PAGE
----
Paul Shiels was only 13, back in 2004, when he watched Dunloy take on Birr in the All-Ireland club final.
Five years later, as an 18-year-old, he was midfield against them in the All-Ireland semi-final. It’s no wonder he has great admiration for the Offaly kingpins, mentioning the Whelahans and Hanniffys as players he’s always looked up to.
Playing against them is one of his fondest memories in the game – Shiels also got to play against that great Portumna team in 2010 – but never did he think he’d have to wait 12 more years until he’d be back here again.
Birr and Portumna both had ten points to spare on the Antrim men, he’s hopeful it will be a closer run thing against Galway champs St Thomas’ this Sunday in Croke Park.
It’s no surprise that St Thomas’ are hot favourites, the Ulster champs are always the underdogs at this stage but even though he’s aware of that, he’s hoping to take inspiration from the likes of Loughgiel, Cushendall and Slaughtneil before them.
Loughgiel won the All-Ireland club in 2012 by beating St Thomas’ and Coolderry. Cushendall, meanwhile, beat the Galway champs in 2016 while Dunloy themselves beat Mount Sion in 2003, and Portumna in 2004.
“We’re not silly. We hear everything that goes on.
“We’re aware that we’re the underdogs but the Ulster teams have competed well. Loughgiel have won an All-Ireland club recently, Cushendall made a final, and Slaughtneil have competed well. It’s nice to be there. But we’re going to give it everything.”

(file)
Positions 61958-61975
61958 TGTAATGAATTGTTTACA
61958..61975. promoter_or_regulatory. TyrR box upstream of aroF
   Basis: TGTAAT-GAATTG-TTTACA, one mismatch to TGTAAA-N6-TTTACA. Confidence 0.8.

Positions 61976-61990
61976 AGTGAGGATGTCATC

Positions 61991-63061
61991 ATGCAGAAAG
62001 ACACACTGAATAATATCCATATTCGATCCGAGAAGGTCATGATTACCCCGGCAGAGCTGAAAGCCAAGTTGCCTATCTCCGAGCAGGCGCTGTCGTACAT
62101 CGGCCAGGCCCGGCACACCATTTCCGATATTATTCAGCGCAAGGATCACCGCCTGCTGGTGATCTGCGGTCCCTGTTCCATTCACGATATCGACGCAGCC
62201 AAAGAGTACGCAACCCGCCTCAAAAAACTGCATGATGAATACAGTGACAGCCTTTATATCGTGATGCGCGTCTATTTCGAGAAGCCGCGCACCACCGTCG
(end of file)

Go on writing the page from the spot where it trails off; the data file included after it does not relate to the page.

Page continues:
Slaughtneil were the main reason Dunloy were so many years away. Twice the Derry men defeated them in Ulster and that’s why it was such a relief, Shiels says, when they beat the Derry men in the Ulster final a couple of weeks ago.
“We were starting to feel the pressure from ourselves, and from people in Antrim too, so it was a huge relief.
“Slaughtneil were a bit further down the road than us. We had to cross swords with them three times to get the better of them. I think it was a mixture of everything (that we’ve improved on) They sent us back to the drawing board three times. Hurling and physicality, everything, and they helped to drive our improvement.”
Shiels retired from inter-county hurling five years ago, and the main reason he did that was to prolong his club career. The main reason was the prospect of days like this Sunday.
“I retired from Antrim when I was 29.
“It was a tough decision at the time. But the inter-county season is so intense, it’s a young man’s game now.
“I had a few injury problems in the past. The body wasn’t holding up to play both county and club. I was content after all because maybe if I did keep it going, I might have picked up more injuries. I felt every year I played county might shorten my club career.
“Dunloy had looked after me so well, so I wanted to give some of my best years back to the club, after everything they’d done for me.”
“Your career goes by in a blink. There’s a few of the boys playing this weekend who’s fathers played in club finals and semi-finals. I’m sure it’s a proud moment for them, but it’s a proud moment for the whole club.”